Parakeets flown in to new home
Saturday, April 26, 2014 at 3:54
City Parrots in Captive breeding, Conservation, Cyanoramphus auriceps - Yellow-crowned Kakariki, Re-introduction, Release

The Yellow-crowned Parakeet (Cyanoramphus auriceps) Image by MartinTwelve kakariki, or yellow-crowned parakeets, were flown from the Marlborough Sounds to Abel Tasman National Park in what is thought to be the first transfer to the wild of captive-raised members of the species.

The birds were transferred by helicopter early yesterday afternoon from Lochmara Lodge and Wildlife Recovery Centre in Queen Charlotte Sound where they were bred from pairs originally from Long Island.

They were to be put into an aviary near Wainui Hut in the upper reaches of the Abel Tasman National Park yesterday evening, and will be released into the wild in about 11 days after acclimatising to their new environment.

Project Janszoon ornithologist Pete Gaze banded all the birds at Lochmara Lodge with a single white band before the transfer, so that people will from now on be able to tell what age they are. The birds transferred yesterday are expected to be the first of many, as the Project Janszoon staff work to repopulate Abel Tasman Park.

"There is a small and declining population of yellow-crowned parakeet or kakariki in the higher altitudes of the park. When they are released in about two weeks these 12 birds will be the first captive-raised kakariki to be released into the wild on mainland New Zealand," Gaze said.

Yellow-crowned parakeet or kakariki in their natural habitat. Image by Antoine HubertThe birds were not grateful to have "bling" on their legs, nipping him sharply before they were put in the transfer boxes, three to a box, ready for the helicopter ride.

Gaze said the release was only possible because of predator control by Project Janszoon to provide a safe habitat for the birds, which usually nest in holes.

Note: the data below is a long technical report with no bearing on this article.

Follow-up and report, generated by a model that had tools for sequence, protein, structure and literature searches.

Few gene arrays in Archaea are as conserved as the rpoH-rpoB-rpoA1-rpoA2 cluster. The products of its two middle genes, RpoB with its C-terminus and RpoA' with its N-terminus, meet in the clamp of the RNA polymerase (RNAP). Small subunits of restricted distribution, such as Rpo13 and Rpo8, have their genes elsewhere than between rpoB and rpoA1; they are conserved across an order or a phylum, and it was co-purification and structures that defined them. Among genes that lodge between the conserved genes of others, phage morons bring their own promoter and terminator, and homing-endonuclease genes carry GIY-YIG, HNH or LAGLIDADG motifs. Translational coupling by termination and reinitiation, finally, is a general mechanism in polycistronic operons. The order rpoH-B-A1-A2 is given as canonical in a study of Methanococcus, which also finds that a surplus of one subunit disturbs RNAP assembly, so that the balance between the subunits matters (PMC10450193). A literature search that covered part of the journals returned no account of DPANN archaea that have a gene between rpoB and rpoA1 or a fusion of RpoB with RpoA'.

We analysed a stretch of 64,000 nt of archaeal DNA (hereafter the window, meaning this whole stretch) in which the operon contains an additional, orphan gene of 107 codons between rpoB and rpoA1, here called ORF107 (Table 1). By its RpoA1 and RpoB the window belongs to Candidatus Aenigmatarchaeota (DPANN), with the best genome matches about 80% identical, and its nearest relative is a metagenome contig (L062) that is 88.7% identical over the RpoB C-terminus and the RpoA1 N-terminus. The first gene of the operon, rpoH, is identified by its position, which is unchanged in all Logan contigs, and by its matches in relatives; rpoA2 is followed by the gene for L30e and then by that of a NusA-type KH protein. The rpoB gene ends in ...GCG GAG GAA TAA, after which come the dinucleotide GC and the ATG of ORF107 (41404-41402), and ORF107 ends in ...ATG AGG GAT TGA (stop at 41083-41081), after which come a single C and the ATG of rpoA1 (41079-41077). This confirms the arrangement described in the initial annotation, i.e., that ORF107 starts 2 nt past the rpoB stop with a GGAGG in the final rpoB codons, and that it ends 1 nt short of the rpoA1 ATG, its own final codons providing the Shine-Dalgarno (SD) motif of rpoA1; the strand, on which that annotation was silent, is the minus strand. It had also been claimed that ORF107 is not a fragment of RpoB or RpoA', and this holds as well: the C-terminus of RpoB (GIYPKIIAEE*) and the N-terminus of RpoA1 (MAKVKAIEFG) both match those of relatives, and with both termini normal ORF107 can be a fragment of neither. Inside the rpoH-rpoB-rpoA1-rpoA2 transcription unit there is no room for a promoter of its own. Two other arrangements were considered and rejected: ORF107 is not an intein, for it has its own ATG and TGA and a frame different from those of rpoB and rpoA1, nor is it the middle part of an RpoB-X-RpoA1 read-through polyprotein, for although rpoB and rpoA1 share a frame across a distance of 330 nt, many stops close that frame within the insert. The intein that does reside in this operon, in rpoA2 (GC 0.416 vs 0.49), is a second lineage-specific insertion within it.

Project Janszoon is a privately funded trust named after the first European to discover New Zealand, Abel Janszoon Tasman. Over a 30-year timeframe it will work with the Department of Conservation, the Abel Tasman Birdsong Trust, the community and iwi to reduce predator numbers and weeds, restore ecosystems and re-introduce native birds, animals and plants in the Abel Tasman National Park.

Lochmara Lodge owner Shayne Olsen, the chairman of the Marlborough Sounds Wildlife Recovery Trust, said it was wonderful private organisations could be involved in public conservation.

"Working together, we can achieve a good result . . . next year, we'll do even more birds. When other people get in behind, we can make a big difference."

He said that with good food, nesting space and no pests, the kakariki could "breed like sparrows" with many chicks.

"If we can make Abel Tasman sound like Blumine or Motuara Islands, it will be amazing."

There were stories of people in Bainham, in Golden Bay, once having to scare flocks of kakariki away with a stick before being able to feed their chickens, and the team working with the kakariki transfer yesterday hoped it could be like that again one day.

The birds were farewelled from Lochmara Lodge by Te Atiawa kaumatua Graham Grennell and were to be welcomed to Abel Tasman National Park by a representative of Manawhenua ki Mohua, acknowledging their kaitiaki role to ensure that the new population was well-managed.

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